It should be no surprise, therefore, that the CARE Now protestors enjoyed support and protection from the administration. Mandel herself wrote that she and her senior staff had decided that the memorializing antics of CARE Now were to enjoy special tolerance, and for a few days it even seemed as if they were willing to violate state law on the activists’ behalf. Even after that battle was lost, the administration continued to cede CARE Now protesters remarkable consideration. Not anybody – not even faculty – can hang massive racially charged banners at the entrance to Hollander Hall and expect them to last more than five minutes.

Acquiescing to Type-2 protest demands like these merely increases the power of woke faculty and administrative factions responsible for protecting, coordinating and supporting future protests. It spreads the cancer further; and further spread is the only thing the cancer wants.

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Not all Type-2 style activism gets picked up by high-side allies. The increasingly stale demands to BOYCOTT WILLIAMS ENGLISH are a good example of a low-side protest that still awaits adoption and endorsement from people in power. This is what happens to departments that install too many woke junior faculty too soon.

This brings us to a final instructive episode, namely Dorothy Wang’s spat with the English Chair Kathryn Kent. Prof. Love, you’ll remember, was an assistant professor of English. Her absence in protest of totally fake violence and racism at Williams College thus became a means of continuing the assault on Williams English, and the particular and intense racism that foolish and silly people held to lurk within its ranks. Wang accosted Kent in front of some students, while Kent was on her way to a meeting of the English Department. Wang demanded to know whether Kent and her colleagues would be discussing Love’s leave and a “longstanding history of hostility towards faculty of color” within the Department. Kent, understandably annoyed, said there had already been “sufficient conversation around Love” (you can taste the understatement there) and that Love’s complaints were “about the College” and not specifically about English. Wang continued to provoke Kent until the latter lost her temper. The student witnesses complained loudly about Kent’s affront to a professor of color, and the administration happily involved itself.

Let us note all of the things that make this a classic Type 2 event: A departmental chair is the target; the low side of the alliance (student witnesses) the source of its energy and direction; the facilitator a Studies professor. From it we learn a little about the faculty allies the CARE Now protesters had accumulated in the course of their efforts, and how these allies hoped to use that protest for their own purposes.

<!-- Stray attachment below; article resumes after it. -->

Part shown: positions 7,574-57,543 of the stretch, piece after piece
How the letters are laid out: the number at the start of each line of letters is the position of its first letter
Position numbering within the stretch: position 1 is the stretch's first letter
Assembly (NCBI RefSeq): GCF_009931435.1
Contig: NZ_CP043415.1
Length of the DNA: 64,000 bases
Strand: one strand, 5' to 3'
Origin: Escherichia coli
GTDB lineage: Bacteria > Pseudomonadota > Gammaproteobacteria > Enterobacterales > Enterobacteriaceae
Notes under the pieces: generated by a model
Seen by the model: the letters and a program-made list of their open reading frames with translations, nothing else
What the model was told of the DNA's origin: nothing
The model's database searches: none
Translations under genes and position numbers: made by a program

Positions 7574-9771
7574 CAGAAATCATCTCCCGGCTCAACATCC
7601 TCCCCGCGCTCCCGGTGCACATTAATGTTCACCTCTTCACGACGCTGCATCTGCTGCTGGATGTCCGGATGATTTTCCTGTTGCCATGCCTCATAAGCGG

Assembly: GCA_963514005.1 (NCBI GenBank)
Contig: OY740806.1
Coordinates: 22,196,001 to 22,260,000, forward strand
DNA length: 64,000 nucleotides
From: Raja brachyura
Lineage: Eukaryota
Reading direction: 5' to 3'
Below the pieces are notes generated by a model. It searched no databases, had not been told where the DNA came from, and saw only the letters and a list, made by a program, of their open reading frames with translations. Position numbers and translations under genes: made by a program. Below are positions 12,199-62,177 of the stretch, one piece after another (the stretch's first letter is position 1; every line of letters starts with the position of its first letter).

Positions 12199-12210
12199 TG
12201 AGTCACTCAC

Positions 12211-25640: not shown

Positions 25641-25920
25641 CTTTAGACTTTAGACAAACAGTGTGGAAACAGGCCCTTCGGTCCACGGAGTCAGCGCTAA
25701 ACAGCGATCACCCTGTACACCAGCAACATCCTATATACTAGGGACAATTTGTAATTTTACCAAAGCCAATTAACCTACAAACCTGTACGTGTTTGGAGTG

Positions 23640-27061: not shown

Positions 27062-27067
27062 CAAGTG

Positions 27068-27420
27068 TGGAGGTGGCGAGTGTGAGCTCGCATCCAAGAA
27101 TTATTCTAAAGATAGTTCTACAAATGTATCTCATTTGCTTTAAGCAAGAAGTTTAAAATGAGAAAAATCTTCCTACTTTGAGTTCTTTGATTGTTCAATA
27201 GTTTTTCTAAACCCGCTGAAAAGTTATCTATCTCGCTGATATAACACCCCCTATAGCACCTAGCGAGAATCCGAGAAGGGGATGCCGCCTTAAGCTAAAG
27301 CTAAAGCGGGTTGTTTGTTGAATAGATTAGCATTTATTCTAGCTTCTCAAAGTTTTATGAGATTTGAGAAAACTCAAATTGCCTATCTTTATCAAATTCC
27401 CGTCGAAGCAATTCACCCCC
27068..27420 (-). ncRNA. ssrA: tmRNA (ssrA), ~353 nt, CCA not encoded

Kent engaged in ritual self-abasement and retained her position. She survived as Chair because the movement to subvert Williams English awaits high sponsorship. Nevertheless, it is a slow burn responsible for various controversies like this, all of which do nothing but confirm the most central tenets of Wokery, that is to say the specter of invisible racism; and the alleged rightness and truth of diversity, inclusivity and equity.

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Ideologies – and often, religions too – are secondary to power. They explain prevailing power relationships, and justify the actions of the powerful. Race theology, or Wokery, as enacted at universities, is merely an establishment religion that explains and justifies the high-low alliance, via which a) administrators hope to enact their agenda upon the middle and defend themselves against attack from their subordinates, and b) some students and junior faculty hope to gather some of the prominence and privilege of the middle ranks for themselves. The content of race theology bears the unmistakable marks of the power relationships that have established it and ensured its success.

It is fairly easy to imagine a parallel universe, in which anti-Communism is the elite fixation. The students are ever ready to agitate against Communism. Administrators claim that their highest goal is to root out Communism among the faculty. A lot of faculty are hired into anti-Communism Studies departments.

The first thing to disappear in such a regime, of course, would be any actual Communists. Thus the anti-Communist religion of the administration and the students and junior faculty must develop unusual new doctrines about Communism. Many people, they decide, are Communists without even realizing it. Our discourse is so saturated with Communism that Communist impulses are everywhere. Communism is specifically rife anywhere that remains beyond the reach of the anti-Communist administrators and activists. The hard sciences? Very Communist. Other traditional departments? Rather Communist. Anything not explicitly anti-Communist? Probably Communist-adjacent.

To be a labeled a Communist as a professor, or to be slurred as a Communist department, is of course to fall under the jurisdiction of anti-Communist administration, and so the faculty engage in anti-Communist liturgies and write anti-Communist papers and stay up late at night grappling with their internal Communist tendencies. Some faculty get together to request a pay raise, and all hell breaks loose. This is Communism Itself. Anti-Communist student organizations rise up to oppose the endemic Communism of the faculty. Administrators ensure their protests are protected and speak darkly about longstanding problems of institutional Communism within academia. The anti-Communist protestors demand that Communists be rooted out once and for all. Under the cover of this righteous crusade, they submit a list of demands that adds up mainly to more stuff for them and their anti-Communist allies.

That is where we are, right now.